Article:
It may be strange to think of death as a holiday to be celebrated, or that there should be a holiday that focuses on death exclusively. But, the way I see it, why shouldn’t we?

People are so afraid of death.

That fear is in everything. We buy products to make us look younger. We get sold miracle pills, and try and find out the secrets of those who live to be 100. We try and block out the dying, deny that it is happening, deny that it exists.

So we ask God: If you love us so much, why do you make us die?

But death is never that simple.

There are many ways to die, many ways to leave this life. It is a mystery that we will never truly understand until we experience it.

But we can understand grief.

And as there are many ways to die, there are many ways to grieve.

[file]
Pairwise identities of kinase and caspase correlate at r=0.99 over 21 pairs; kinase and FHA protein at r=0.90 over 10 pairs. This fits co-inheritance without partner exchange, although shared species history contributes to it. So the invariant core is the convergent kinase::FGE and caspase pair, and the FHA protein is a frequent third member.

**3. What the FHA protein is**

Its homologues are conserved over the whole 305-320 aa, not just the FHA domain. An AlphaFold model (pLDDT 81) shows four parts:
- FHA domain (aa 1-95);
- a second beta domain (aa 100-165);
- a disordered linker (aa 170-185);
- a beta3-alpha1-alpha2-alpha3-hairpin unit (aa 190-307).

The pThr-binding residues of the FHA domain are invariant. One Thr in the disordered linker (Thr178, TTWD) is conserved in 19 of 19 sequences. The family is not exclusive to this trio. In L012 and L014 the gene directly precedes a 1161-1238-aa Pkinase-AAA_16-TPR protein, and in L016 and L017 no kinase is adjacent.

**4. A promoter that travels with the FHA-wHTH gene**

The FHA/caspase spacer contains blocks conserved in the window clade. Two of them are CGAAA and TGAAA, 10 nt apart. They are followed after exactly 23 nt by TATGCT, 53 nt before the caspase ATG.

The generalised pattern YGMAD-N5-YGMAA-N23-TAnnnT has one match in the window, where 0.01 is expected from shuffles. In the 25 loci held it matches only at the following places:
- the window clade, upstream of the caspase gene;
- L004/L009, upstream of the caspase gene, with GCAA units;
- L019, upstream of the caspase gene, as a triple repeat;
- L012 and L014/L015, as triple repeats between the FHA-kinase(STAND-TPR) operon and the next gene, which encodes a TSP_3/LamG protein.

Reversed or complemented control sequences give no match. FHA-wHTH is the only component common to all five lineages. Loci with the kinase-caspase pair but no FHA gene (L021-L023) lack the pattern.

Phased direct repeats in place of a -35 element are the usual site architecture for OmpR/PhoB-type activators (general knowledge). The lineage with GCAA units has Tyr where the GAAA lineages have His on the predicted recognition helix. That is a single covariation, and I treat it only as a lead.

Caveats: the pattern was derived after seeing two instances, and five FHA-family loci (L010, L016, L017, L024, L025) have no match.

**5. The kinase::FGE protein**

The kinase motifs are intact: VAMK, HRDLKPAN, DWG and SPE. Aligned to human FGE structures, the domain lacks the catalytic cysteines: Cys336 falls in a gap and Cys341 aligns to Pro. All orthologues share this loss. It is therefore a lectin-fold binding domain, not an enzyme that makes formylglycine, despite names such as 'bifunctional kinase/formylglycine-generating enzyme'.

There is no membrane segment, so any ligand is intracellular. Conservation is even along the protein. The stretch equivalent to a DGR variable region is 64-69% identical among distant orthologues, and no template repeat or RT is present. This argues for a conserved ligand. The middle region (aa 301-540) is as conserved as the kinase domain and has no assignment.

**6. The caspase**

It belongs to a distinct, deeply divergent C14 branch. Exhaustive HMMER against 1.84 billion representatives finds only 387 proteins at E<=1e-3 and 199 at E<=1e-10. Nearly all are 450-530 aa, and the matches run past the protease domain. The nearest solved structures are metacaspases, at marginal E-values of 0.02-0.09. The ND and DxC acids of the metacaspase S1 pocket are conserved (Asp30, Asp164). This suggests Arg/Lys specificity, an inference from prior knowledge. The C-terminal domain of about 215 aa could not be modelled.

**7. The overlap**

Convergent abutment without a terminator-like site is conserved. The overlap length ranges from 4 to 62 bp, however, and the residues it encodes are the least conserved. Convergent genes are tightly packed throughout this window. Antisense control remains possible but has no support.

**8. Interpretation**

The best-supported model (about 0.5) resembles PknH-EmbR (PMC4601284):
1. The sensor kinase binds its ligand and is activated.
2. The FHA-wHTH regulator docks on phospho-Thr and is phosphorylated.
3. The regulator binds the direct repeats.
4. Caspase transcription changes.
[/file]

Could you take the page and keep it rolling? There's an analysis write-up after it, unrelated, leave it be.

Sometimes the grief is acute, sharp and stinging, like a knife.

Sometimes, the grief is a debilitating sadness that won’t let go.

And sometimes, if we’re lucky, grief is a sad happiness that a person has lived an amazing life and is now moving on to the next.

Someone asked me once: “How can there be love in death?”

I said, how can there not be love in death?

For the sick, it’s a comforting hand in theirs.

For the sudden and violent, to know that there was someone who cared enough to grieve.

For the sad and lonely, that there was something there in the end that came for them and took them in.

We are all equal in death.

We are all there. In the Summerlands, if you like. Or Heaven. Or in the Earth. Or with the angels.

It is the cycle of life: we are born, we live, we die.

And so, at Samhain, we grieve. We come together, to commune with the Ancestors and Beloved Dead, and we grieve together.

Because, it is only in grieving together that we can find the love in death in this life.